Getting off the ferry I was surrounded by small tourist shops selling food and beachwear. The boardwalk leads right out from the shops to the long stretch of golden sand beaches. Manly Island is a great Sydney surf spot and on a sunny day, there is competition for the good sets of waves. When I walked down the path along the beach there were two beach volleyball courts set up with bleaches on the beach for events. At the end of the path are an ocean pool and a health center with an amazing view.
The Capital of New Zealand and tucked away at the bottom of the north island and is the gateway to the south island. The ferry across the Cook Straight runs from Picton to Wellington three or four times a day through two different companies, Interisland and Bluebird. But we didn’t come here just to leave. There are things to do and see in Wellington! The first place I feel most people are drawn to is the downtown waterfront area. The length of the water has shops, restaurants, and some museums lined up ready for the next batch of visitors. The weekend is the big draw for the waterfront, farmers markets and rummage sales going on every Saturday. Sunday has different events and activities going on all year. When I was there one Sunday morning there was a relay for life race going on. Being the capital city center you can count on various functions.
The streets are narrow and are filled with endless shops of all kinds. Wellington is a busy city but a friendly one. Like most of New Zealand, their citizens try to look out for one another and give the benefit of the doubt. Wellington is a great city for a pedestrian. I never took a cab or bus while in the capital city. There is wide sidewalk twisting with every street even in the midst of road construction. There are so many fascinating places I passed on my many hours of getting to know this city I definitely didn’t have enough time to stop at them all.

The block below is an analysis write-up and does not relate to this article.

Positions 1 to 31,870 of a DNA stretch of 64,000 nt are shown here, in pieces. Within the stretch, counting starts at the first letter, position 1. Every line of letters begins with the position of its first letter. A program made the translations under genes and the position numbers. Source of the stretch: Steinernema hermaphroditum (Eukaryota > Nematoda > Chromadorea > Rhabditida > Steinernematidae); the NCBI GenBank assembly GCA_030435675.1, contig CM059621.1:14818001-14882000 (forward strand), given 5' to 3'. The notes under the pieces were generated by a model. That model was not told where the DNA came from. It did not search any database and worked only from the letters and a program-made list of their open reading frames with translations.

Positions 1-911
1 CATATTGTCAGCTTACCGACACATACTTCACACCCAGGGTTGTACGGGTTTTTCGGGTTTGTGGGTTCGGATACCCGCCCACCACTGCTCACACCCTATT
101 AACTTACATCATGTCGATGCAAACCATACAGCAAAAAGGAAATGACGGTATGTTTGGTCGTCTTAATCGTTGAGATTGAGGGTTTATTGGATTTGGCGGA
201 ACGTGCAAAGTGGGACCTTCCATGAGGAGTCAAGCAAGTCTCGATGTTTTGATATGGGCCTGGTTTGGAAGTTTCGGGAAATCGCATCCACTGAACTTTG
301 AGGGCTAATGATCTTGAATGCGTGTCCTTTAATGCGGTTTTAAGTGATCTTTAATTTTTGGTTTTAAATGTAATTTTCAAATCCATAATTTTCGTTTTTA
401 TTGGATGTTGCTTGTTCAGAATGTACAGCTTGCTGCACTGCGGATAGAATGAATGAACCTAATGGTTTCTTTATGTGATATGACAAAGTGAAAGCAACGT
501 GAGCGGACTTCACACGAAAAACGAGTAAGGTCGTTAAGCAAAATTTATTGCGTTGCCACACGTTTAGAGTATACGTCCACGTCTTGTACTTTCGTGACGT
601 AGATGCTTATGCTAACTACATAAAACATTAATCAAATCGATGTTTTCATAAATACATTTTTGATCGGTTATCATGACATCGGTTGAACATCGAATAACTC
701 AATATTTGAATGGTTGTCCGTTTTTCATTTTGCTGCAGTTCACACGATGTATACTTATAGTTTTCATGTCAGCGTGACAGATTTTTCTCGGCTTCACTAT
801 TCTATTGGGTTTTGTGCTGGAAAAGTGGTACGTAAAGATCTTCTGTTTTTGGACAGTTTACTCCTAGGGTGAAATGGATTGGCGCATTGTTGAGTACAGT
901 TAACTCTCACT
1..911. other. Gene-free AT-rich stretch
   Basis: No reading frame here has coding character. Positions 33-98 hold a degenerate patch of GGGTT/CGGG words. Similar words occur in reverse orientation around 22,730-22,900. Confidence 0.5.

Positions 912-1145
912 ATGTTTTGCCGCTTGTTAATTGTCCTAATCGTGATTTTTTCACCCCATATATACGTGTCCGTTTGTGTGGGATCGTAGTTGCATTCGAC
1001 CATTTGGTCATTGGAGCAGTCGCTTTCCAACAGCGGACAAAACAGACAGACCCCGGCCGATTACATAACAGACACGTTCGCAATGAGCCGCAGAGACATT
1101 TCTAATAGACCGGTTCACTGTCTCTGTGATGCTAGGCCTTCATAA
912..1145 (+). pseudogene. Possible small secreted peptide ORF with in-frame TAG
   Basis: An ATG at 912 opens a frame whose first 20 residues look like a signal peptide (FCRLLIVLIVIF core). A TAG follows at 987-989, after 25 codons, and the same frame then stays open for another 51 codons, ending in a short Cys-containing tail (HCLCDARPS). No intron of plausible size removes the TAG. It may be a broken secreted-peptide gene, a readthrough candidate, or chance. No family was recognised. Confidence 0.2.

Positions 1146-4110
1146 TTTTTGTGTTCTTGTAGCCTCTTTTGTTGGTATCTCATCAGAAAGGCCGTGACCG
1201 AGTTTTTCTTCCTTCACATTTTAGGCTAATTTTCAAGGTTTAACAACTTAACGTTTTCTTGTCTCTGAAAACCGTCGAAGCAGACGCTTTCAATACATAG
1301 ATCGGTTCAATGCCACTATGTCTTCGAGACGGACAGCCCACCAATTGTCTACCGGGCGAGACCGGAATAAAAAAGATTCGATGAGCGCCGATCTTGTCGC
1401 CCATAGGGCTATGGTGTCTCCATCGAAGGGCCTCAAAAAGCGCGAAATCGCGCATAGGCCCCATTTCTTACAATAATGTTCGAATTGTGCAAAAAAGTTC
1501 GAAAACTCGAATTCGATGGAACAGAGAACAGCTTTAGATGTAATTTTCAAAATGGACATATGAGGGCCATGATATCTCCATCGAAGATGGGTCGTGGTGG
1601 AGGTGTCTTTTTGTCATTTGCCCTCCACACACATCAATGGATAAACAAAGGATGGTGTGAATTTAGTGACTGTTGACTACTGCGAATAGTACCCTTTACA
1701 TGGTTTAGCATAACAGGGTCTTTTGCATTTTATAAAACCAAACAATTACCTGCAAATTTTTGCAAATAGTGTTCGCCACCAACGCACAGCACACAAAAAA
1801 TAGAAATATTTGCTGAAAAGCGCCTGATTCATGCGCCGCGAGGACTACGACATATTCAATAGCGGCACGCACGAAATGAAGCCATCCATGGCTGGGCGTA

The best view and my favorite part of the windy capital city is the cable car that lifts to the top of the city. There are signs on the streets to direct you towards the ticket and the bottom of the cable car. Every ten minutes the car runs for a small fee and you will have two options. You can pay for a return ticket down or get a oneway ticket and walk back down to the city. You must take a oneway ticket and wonder the way back down. There are multiple paths to follow heading down and there are even maps available along the way. Lush green landscapes and manicured yards give way to a stunning rose garden. The rose garden was in full bloom on that warm day I found myself at the edge of row after colorful row. Not only roses but the exotic flowers from a place a half a world away from my own home. So it was all new and unique to me. The rose garden is The Lady Norwood Rosegarden and has The Wellington Botanic Garden just up the hill.
The Chinatown in Melbourne Australia in the central business district and is home to places of business, worships, and restaurants for the home of the longest continuous Chinese settlement. The Chinese originally came for the Australian gold rush and stayed for a new life. This small section of Melbourne is home to the Chinese’s New Year festival which lasts for a few weeks every year with fireworks and the waking of the dragon.
Many people just pass by Little Bourke Street on their hustle of the madness of the downtown. I can not say enough how amazing getting away from the droves of people can be. The hidden discovers to be found. Chinatown is missed often because there is so much to do in Melbourne. You can walk down the gate that is the start of Chinatown and see many different Asian restaurants and shops. Chinatown has grown from one block with a gate on each end to now have grown to multiple blocks over the past few years. I learned that in American Chinatowns, there are mostly Cantonese settled there. In Melbourne, there is a much more diverse Chinatown represented. Why is that good for you? Many more types of food to try and more mixing of cultures.